Many people are surprised to hear about the fundamental role that fire plays in shaping the Massachusetts landscape. For many decades total fire exclusion from all natural lands was general policy throughout Massachusetts and the entire United States, because of difficulty in stopping uncontrolled fires and the damage wrought in the late 1800s by slash fires after timbering. Fire exclusion has resulted in the decline of numerous species and degradation of entire ecosystems. Massachusetts has several native natural communities that are fire adapted, including some that provide habitat to state- and federally-listed rare species. These natural communities include sandplain grasslands and heathlands, scrub oak shrublands, pitch pine-scrub oak barrens and ridgetops, calcareous fens, and oak woodlands.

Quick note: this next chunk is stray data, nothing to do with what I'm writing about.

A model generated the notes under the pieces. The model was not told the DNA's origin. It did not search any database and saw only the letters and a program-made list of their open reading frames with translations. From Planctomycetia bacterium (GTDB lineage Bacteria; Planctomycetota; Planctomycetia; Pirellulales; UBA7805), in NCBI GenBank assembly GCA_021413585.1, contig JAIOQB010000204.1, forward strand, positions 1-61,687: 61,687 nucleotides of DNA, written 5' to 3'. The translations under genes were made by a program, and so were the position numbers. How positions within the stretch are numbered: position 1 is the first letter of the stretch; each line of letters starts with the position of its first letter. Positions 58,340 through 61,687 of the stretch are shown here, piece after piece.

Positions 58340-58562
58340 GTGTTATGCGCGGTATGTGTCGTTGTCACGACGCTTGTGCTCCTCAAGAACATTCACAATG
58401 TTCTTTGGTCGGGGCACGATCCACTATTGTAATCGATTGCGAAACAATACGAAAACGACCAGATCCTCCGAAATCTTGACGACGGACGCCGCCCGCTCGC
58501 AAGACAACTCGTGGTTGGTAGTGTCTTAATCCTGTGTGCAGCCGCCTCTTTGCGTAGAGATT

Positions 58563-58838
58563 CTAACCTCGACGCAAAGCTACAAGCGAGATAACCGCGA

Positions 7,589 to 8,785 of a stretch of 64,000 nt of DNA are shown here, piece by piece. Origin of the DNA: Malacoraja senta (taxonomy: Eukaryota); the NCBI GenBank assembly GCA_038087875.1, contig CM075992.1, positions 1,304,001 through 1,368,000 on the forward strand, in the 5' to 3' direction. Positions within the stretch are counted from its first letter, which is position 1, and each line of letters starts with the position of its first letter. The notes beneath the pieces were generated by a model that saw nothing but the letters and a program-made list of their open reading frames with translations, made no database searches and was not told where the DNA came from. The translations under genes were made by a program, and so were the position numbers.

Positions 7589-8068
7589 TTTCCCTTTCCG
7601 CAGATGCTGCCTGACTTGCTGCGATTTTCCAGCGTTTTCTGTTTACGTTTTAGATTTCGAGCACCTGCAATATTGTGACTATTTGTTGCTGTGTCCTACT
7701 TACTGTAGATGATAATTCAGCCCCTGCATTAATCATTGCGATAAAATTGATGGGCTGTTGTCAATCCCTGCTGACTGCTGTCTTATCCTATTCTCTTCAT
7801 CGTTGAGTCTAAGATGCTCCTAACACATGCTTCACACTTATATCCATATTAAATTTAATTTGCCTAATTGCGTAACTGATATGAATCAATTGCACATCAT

The Natural Heritage & Endangered Species Program partners with other state agencies and non-profit organizations to conduct prescribed burning on select protected lands in Massachusetts every year. The approach to prescribed burning is scientific and not undertaken lightly. The primary concerns for all prescribed burns are personal and site safety. Planning is critical for every burn, whether it is conducted for research purposes, restoration, fuel reduction, or habitat maintenance.